Thursday, November 3, 2016

The Loquaciosness of Hommlet

"Hey Coverdale, 'loved you in Whitesnake."

Last week my longtime nemesis Patrick of Renovating the Temple fame dared slander Hommlet, and called me out in so doing. You don't need me to tell me that the poor fellow is delusional, but he does raise a point about the verbosity of Gygaxian prose; or at least I think that was the point he was making. The dude can certainly veer to the prolix. As evidence check out the first three sentences from the background of T1:
"The Village of Hommlet--Hommlet as it is commonly called--is situated in the central part of the Flanaess, that portion of Eastern Oerik which is known and "civilized." The village (actually hamlet-sized, though local parlance distinguishes it with the term "village") is located some 10 or so leagues southeast of the town of Verbobonc. It is at a crossroads." --Gary Gygax, T1 Village of Hommlet
That's a whole lot of words--60 to be exact--for very little information.Compare it to the following sentence:
"The village of Hommlet is located at a crossroads some 10 leagues southeast of the town of Verbobonc in the central Flanaess."*  --Dicerod the NunChucker, This here blog.

Pretty much the same amount of information in 67% less words. And we pass the savings on to you, dear reader.
 
*Is Flanaess really spelled with two esses**? I've always spelled it with just one. 

**And how do you write out the plural of "s"?

That said, there is a certain genius in the way he divulges information in his dungeon write ups--or at least in V of H. Though he takes the time to describe the homes and occupations of everyone in the village, except on rare occasions he doesn't bother telling us the interconnections of the villagers though certainly such a small, isolated populace must be rife with cliques and extended families and the various rivalries and feuds that these sorts of groups tend to engender.

As I've mentioned before, he also fails to indicate any sort of social rift that might occur between the native, tree-hugging farmers and the yuppie, hat-wearing newcomers. Indeed, one gets the impression that the locals are glad to have their company. Sure, having a tailor in town is a boon--though his obsession with knives and crossbows is a little creepy (see below). And sure people probably feel safer with that castle going up on the hill than they did couped up in the Elder's pigsty. But you start to throw newfangled religions into the mix, noses are going to get bent out of shape. For evidence, see the Old Testament, Northern Ireland, the partition of India, Palestine, the Spanish Inquisition, etc.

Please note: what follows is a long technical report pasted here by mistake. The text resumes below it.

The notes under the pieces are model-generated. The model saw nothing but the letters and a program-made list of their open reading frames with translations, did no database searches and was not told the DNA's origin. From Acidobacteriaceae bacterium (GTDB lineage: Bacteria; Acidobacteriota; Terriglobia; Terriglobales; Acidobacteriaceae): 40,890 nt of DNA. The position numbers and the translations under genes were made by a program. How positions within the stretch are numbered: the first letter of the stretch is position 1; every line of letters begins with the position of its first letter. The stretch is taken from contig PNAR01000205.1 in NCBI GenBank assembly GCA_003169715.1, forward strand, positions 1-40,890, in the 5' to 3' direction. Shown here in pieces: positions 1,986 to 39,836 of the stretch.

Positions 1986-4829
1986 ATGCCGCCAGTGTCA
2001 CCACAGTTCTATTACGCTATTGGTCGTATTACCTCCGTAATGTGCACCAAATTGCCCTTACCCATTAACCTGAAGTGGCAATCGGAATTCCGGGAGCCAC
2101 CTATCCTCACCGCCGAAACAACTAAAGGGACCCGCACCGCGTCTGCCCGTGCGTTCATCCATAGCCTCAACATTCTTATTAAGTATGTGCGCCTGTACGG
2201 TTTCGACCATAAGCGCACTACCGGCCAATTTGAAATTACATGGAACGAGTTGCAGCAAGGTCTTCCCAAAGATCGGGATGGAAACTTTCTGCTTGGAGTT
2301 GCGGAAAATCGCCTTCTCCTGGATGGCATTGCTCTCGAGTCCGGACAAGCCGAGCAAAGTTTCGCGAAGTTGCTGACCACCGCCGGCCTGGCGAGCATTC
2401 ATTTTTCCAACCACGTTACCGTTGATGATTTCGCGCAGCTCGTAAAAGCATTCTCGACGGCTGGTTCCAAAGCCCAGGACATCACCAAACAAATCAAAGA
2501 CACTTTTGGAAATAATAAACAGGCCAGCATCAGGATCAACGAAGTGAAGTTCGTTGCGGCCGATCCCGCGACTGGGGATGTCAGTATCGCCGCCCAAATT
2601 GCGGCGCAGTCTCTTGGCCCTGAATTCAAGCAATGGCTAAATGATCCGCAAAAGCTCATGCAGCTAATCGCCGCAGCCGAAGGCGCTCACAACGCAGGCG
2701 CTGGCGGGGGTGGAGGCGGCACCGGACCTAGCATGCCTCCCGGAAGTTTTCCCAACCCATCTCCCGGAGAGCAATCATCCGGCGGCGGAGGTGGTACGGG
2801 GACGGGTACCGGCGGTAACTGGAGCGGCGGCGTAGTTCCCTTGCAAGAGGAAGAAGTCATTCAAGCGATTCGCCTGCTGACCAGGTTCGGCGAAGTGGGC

As evidence of EGG's disdain for tying down the narrative of the village, he doesn't even bother telling us what the various evil cultists are up to beyond they're desire to monitor and disrupt the PC's endeavors. Rannos and crew are tasked with aiding "any and all evil creatures who come in Temple service," not too specific, eh? Furthermore, it's not made explicit whether any of the town-based cultists has any knowledge of Lareth or vice versa.

Likewise, we learn that Zert, 2nd level fighter who resides at the 'Wench, is "actually a spy for the temple" but has no agenda other than screwing with the PCs, regardless of whether they go to the moathouse or not. He doesn't know about the traders so obviously he isn't taking orders from them; at least not directly anyway--we are informed that they know about him. Presumably he doesn't know about the spy working on the castle either, as that dude reports to the Rannos crew. Is Zert aware of Lareth and his cronies under the moathouse? Is he aware of the moathouse at all? Or is he just a free radical tasked with sowing chaos wherever he deems it worthy of sowing?

Similarly, we don't know what the relationship is between the bandits up in the moathouse and Lareth's shock troops down in the basement. It seems catastrophically unlikely that Lareth would be unaware of the bandits's presence even if he (or she) isn't the smartest "dark hope" that Chaotic Evil could hope for. Do they work for him? Did they just wander on the scene or did he set them up in their sweet digs? Gary is mum on the topic.